Targeting Terrorists Germany's Dilemma in Dealing with Islamist Threats
German police believe there are 602 Islamists living in the country who could be capable of perpetrating a terrorist attack. Politicians want to crack down on possible extremists, but many of the measures under consideration are ineffective or legally dubious. By SPIEGEL Staff
The man thought to have once provided security for the world's best-known terrorist is short and stocky -- just 1.65 meters (5' 5") tall, as Sami A. told a journalist in an interview last year. "And I'm supposed to be dangerous?"
But that's what the security authorities in the German state of North Rhine-Westphalia believe. They paint a dark picture of the 40-year-old. They say he received terrorist training in Afghanistan and later served as one of Osama bin Laden's guards. They also believe him to be a member of the radical Islamist group Tablighi Jamaat and a fundamentalist cleric who has persuaded young men to join the jihad. Two of his alleged protegés have already been prosecuted in Germany. In rejecting his asylum application, the Higher Administrative Court in Münster wrote in 2015 that Sami A. represents "a considerable threat to public safety."
And yet, the Tunisian man continues living in Germany today.
There have, to be sure, been attempts to throw the book at him. Federal prosecutors investigated him for potential membership in al-Qaida, but were forced to drop the case for lack of evidence. And in 2006, the Foreigner Registration Office issued deportation orders for Sami A., but the administrative court in Düsseldorf froze the order in 2009 and again in 2016. The court ruled that, as a terror suspect, Sami A. was in danger of being tortured back home in Tunisia. In instances where the threat of torture exists, even Islamists are permitted to stay in Germany.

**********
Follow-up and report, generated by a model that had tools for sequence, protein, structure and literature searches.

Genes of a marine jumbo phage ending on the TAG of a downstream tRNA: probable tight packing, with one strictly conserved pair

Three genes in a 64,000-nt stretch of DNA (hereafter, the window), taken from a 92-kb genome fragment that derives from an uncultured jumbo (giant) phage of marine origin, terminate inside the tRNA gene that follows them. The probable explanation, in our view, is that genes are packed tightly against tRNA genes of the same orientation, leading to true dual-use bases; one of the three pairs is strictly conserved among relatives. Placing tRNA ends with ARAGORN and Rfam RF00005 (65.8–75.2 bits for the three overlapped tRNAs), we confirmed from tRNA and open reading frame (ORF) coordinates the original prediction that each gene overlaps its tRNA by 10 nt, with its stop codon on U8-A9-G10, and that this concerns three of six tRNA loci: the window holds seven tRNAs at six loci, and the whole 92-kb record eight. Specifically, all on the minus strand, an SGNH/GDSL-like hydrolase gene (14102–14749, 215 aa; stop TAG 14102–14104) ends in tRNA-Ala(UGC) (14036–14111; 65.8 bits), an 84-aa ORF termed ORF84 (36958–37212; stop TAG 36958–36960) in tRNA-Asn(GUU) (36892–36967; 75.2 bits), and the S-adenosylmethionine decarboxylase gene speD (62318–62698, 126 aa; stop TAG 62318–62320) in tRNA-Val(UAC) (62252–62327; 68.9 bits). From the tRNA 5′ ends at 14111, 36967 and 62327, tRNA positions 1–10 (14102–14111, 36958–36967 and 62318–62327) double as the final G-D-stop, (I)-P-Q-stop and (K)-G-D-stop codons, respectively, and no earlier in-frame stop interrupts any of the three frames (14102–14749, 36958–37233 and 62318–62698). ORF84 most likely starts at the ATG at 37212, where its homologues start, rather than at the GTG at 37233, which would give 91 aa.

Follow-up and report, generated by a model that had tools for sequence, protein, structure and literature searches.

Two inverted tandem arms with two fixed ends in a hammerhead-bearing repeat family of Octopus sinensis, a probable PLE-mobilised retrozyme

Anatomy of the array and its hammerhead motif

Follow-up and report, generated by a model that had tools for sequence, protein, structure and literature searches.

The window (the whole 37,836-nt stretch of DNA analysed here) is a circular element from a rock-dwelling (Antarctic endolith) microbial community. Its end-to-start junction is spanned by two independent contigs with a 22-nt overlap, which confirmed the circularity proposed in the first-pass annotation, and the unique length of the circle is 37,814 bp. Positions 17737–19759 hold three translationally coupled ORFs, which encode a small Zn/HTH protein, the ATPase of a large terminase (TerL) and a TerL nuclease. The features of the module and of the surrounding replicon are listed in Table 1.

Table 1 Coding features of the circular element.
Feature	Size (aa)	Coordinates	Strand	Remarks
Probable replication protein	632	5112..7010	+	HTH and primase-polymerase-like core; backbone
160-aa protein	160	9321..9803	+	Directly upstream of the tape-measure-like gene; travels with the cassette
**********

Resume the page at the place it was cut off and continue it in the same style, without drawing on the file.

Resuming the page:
Having come to Germany as a university student in 1997, Sami A. currently lives in a working-class district of Bochum with his German wife and four children. He is required to report to the police between 10 a.m. and 12 p.m. every day and was once arrested for violating his reporting requirement.
His case is a good example of just how difficult it can be for the German government to deal with people it considers a threat but who cannot be convicted of a crime due to insufficient evidence. The German Federal Criminal Police Office (BKA) has identified 602 individuals who are so-called "Islamist threats." Some 300 of them live abroad -- in Syria or in Iraq, often as fighters for terrorist groups like Islamic State (IS) -- while around 100 are currently in jail in Germany. Of the 200 remaining suspected enemies of the state, most have not yet committed any prosecutable crimes, but authorities nevertheless believe them to be capable of "politically motivated crimes of considerable significance." That's how the BKA and the 16 state criminal offices have defined these individual threats since 2004. Put more simply, they believe these 200 identified individuals are capable of committing terrorist acts at any time.
"Threat" is a vague working term. And the individuals who have been identified as such often aren't even aware of it. The decision to classify a person as a threat is made by the state offices of criminal investigation, and the person's name is then added to a national list kept by the BKA. According to the definition, threats are identified "on the basis of certain established facts" which fall short of being actual crimes. Unable to prosecute them, the most the state can do is keep these individuals under close surveillance to the greatest degree possible.
But they often aren't successful, as seen in the case of Anis Amri, the perpetrator behind the December attack on a Christmas market in Berlin. Officials had also classified him as a threat, but authorities were unable to prove he had committed any terrorist acts and they also couldn't deport him to Tunisia. He was a free man who used his freedom to shoot a semi-truck driver, steal the vehicle and murder 11 more people.
Government Tightens Laws
In recent weeks, the federal government has agreed on new measures allowing law enforcement officials to better monitor Islamist threats. One of those measures, for example, is the use of ankle monitors, which is a lot cheaper than a police surveillance team. The new rules also simplify and expedite procedures for deporting foreigners who have committed a crime.